Oregonian opines on “Cycling’s Gender Gap”

Posted by on June 19th, 2007 at 10:21 am

Today’s editorial features a
photo of a female cyclist.

Less than one week ago, the Oregonian surprised local bike advocates when they published a forceful editorial in support of stiffer penalties for motor vehicle operators who hit bicyclists.

Today, they continue to show their support for two-wheeled transportation with an editorial that reads like it could have been written by PDOT themselves.

With the headline “Cycling’s Gender Gap,” this time the subject is the importance of getting more women on bikes.

For more information on Portland’s biking gender gap, take a look at the poster below (I snapped this photo at one of the Bicycle Master Plan open houses) :

The editorial cites the city’s data on the split between male and female ridership numbers and how that correlates to the quality and perceived safety of the bikeway network. The O draws a line between the city’s many cycling “danger zones” and says the “majority of women” think riding is these areas is worth the risk.

PDOT planners have long gawked at numbers from cities like Amsterdam and the Netherlands where the ridership split between males and females is an even 50/50.

Getting more women on bikes is a major part of PDOT’s Platinum Bicycle Master Plan update effort and they’ve created a Women on Bikes program to encourage more ridership.

I’m all for improving danger zones. We all know that it’s not just women who want want safe places to ride, they just might be more willing to admit it.

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Logan 5
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Logan 5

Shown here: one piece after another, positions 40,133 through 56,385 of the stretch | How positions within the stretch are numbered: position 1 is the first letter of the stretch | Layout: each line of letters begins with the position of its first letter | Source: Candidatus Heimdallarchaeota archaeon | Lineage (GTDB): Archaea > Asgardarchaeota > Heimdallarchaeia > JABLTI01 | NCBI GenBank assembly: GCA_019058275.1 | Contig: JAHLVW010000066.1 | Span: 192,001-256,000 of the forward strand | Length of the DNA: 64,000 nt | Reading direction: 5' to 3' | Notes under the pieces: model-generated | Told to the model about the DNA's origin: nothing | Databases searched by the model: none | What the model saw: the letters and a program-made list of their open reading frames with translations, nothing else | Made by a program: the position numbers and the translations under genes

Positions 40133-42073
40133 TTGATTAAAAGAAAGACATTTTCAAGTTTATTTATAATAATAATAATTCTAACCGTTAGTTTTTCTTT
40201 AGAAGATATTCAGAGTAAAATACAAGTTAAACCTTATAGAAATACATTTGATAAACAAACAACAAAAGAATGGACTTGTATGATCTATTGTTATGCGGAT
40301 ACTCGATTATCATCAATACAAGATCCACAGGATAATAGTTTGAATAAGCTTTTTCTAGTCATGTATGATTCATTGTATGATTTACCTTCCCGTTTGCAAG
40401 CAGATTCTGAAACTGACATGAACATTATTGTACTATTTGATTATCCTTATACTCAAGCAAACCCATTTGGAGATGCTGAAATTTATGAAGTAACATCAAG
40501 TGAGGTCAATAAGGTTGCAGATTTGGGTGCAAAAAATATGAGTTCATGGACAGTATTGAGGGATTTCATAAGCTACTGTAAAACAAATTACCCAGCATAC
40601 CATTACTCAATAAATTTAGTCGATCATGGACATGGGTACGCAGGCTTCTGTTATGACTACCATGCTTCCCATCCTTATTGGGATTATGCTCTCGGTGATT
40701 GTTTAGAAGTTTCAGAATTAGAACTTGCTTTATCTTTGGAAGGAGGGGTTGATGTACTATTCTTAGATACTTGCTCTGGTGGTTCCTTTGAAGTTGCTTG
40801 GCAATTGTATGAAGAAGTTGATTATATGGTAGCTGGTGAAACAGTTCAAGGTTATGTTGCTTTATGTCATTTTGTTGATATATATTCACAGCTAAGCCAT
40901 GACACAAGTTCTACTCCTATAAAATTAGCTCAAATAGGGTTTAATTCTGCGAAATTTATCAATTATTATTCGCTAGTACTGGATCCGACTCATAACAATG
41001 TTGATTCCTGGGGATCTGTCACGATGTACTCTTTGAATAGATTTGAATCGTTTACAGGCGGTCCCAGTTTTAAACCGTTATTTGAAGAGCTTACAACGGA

Ok, first The Oregonian, then Lars Larson and now the Vatican??? Is anybody else getting suspicious?

Jessica Roberts
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Jessica Roberts

This editorial was excellent. Often newspapers get some fact or quote wrong, but they got everything spot on. I was impressed.

West Cougar
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West Cougar

I hope they don\’t use Title IX to fix the gap and take my bike away.

bArbaroo
Guest
bArbaroo

For anyone wanting to be a part of the solution, check out Women For Bikes – a new group forming with the mission of trying to get more women cycling. We have a gathering this Wed at Kennedy School\’s community room from 6:00-8:00 pm. For more information, check out the BP.org forums, link to Women on Bikes and read the postings for: Women For Bikes, Womens gathering, Womens forum

Cecil
Guest
Cecil

West Cougar (post #3) – nope, they\’ll just use Title IX to give me a better bike.

But seriously, as someone who came of age pre-Title IX, I am all for any program designed to create gender parity in athletics and in our short-sighted political world of zero-sum games, that sometimes does mean taking money away from one program to fund another. And until my ox is the one that gets gored, so be it. Maybe if we gore enough oxes, people will start being more willing to pay more to get more . . .